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This Year’s Cody Stampede Will Have a Distinctive Comedic Feel

CODY, Wyo., April 11, 2024 – Visitors to Cody Yellowstone’s Independence Day celebration and famed Cody Stampede might want to get into the spirit of the event by cutting off the sleeves of a flannel shirt and “Gitting ‘R Done.”

That’s because the Grand Marshal of the July 4 parade is Daniel Lawrence Whitney, better-known as “Larry the Cable Guy.”

“The Cody Stampede is five days of non-stop fun, and our Grand Marshal this year will easily fit right in,” said Ryan Hauck, executive director of Cody Yellowstone, the marketing arm for the region that includes the towns of Cody, Powell and Meeteetse, parts of the Shoshone National Forest and a large swath of Yellowstone National Park. “From John Wayne to Chuck Yeager, Cody Yellowstone has hosted an array of famous Grand Marshals over the years. We are delighted to add Larry the Cable Guy to the list.”

The celebration kicks off on Friday, June 30 with the PRCA Xtreme Bulls Rodeo, featuring some of the top bull riders in the world. Cody Stampede Rodeo performances are staged on Saturday, July 1, through Tuesday, July 4, with the final night capped by a massive fireworks show. The celebration also includes a Kiddies parade on July 2 at 10 a.m. and Stampede Parade, themed “Living in the Wild West,” at 9:30 a.m. on July 3 and 4.

Rodeo tickets can be purchased online, at the main Stampede office in downtown Cody, or at numerous other vendors throughout town.

Cody Yellowstone offers an array of lodging choices, from bed-and-breakfasts and guest ranches to elegant inns and family-friendly hotels.

Larry the Cable Guy is known for his character comedy covering topics ranging from Southern culture and American politics to self-deprecation and current events. He has extensive radio and full-length feature film experience, and he probably is best-known for the Blue Collar Comedy Tour with fellow comedians Jeff Foxworthy, Bill Engvall and Ron White. His catchphrase “Git-R-Done” is also the title of his book. He is most often seen performing in a plaid sleeveless shirt and a camouflage hat.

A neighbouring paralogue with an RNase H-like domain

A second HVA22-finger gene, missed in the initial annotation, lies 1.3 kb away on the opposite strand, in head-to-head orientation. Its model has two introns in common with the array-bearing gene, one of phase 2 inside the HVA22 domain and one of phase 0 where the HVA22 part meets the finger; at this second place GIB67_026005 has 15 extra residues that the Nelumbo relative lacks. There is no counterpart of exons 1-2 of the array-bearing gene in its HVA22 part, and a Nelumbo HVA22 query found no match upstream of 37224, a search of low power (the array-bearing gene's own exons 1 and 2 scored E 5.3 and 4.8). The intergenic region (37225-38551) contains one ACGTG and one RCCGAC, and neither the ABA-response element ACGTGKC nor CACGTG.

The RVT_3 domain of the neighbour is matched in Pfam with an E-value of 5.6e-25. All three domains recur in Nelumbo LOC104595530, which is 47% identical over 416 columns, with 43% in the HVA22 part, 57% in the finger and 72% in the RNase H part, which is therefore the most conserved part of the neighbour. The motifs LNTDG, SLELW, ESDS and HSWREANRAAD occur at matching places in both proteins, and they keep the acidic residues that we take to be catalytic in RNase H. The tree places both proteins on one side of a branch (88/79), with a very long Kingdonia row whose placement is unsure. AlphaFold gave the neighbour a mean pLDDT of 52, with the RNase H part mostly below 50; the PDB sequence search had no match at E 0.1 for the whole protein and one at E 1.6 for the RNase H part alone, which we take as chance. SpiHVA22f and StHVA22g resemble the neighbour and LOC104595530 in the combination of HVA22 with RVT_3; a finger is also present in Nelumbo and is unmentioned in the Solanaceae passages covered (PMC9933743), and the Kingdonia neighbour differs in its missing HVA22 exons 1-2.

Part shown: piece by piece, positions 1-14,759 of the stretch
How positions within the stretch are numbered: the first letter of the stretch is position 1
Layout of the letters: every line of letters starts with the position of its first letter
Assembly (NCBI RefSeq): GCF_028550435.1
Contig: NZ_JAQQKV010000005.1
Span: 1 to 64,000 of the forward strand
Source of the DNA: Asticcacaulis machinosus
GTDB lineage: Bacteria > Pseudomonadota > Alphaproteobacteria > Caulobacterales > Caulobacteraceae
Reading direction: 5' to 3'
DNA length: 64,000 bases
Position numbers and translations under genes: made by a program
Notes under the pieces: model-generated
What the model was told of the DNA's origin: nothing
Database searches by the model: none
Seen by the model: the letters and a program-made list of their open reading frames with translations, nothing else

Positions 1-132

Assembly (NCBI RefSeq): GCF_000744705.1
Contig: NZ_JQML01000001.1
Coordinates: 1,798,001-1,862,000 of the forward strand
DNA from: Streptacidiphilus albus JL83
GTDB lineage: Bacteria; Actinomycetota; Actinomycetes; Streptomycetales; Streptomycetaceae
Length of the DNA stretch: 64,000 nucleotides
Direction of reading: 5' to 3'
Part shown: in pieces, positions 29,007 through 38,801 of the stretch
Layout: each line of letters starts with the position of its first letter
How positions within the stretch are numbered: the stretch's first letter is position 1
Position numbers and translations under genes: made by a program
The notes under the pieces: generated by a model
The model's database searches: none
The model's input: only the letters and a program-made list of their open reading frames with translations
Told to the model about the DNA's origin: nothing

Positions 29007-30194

Larry the Cable Guy joins a long list of distinguished Grand Marshals who have led the famous parade over the years. Others include actors John Wayne, Wilford Brimley and Yellowstone’s Cole Hauser as well as pilot Chuck Yeager and rodeo star Dusty Tuckness.

Buffalo Bill’s Lasting Rodeo Legacy

The roots of the Cody Stampede can be traced to 1896 when William F. “Buffalo Bill” Cody founded the town that bears his name. He chose the town’s location 52 miles from the eastern boundary of Yellowstone National Park. There, he envisioned a town that could support not only the ranches and farms throughout the region but also capture the interest – and dollars – of the tourists who were increasingly passing through on their way to the park.

Buffalo Bill Cody is best known as the legendary showman behind “The Wild West Show,” a traveling extravaganza that entertained audiences in the U.S. and Europe with performances that included skilled cowboys and cowgirls hailing from Western ranches who theatrically demonstrated bronco riding, roping and other rodeo-type skills.

It’s no surprise, then, that ranchers living near the town he founded often entertained themselves during their few off hours by engaging in informal contests such as calf-roping, steer wrestling and horse-racing. The contests became a favorite pastime, with town residents gathering to watch the show.

Stampede History

The Cody Stampede is marking its 105th anniversary this year. The Stampede got its start when a group of local leaders including a lawyer, dude ranch owner, newspaper editor and a publicity-savvy and nationally known female novelist met three years after the death of town founder Buffalo Bill Cody to talk about how to transform the town’s small annual July 4 celebration into an event that would showcase Cody’s authentic Western dude ranches and its proximity to Yellowstone National Park.

Among the most vocal of those leaders – and the only female present – was Caroline Lockhart, whose best-selling novels in the early 1900s had earned her fame and fortune. Once the group settled on naming the event the Cody Stampede and sketched a general framework, Lockhart took the reins as president. She set about publicizing it in the Park County Enterprise – Buffalo Bill’s newspaper, which was later renamed the Cody Enterprise, and is still in operation today. She also organized fundraisers and invited famous rodeo performers to demonstrate their skills at the nightly rodeos.

These town leaders had little idea that they would create an annual event that would be enjoyed and remembered by generations of Cody residents and visitors from around the world.



Home of the Great American Adventure, Cody Yellowstone is comprised of the northwestern Wyoming towns of Cody, Powell and Meeteetse as well as areas inside of Yellowstone National Park and the valley east of the entrance. The region is known for rodeos, authentic guest and dude ranches, world-class museums and recreational adventures that reflect the adventurous spirit of the visionaries and explorers who brought the remote region to the world’s attention.


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Media contact:

Mesereau Travel Public Relations


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[email protected]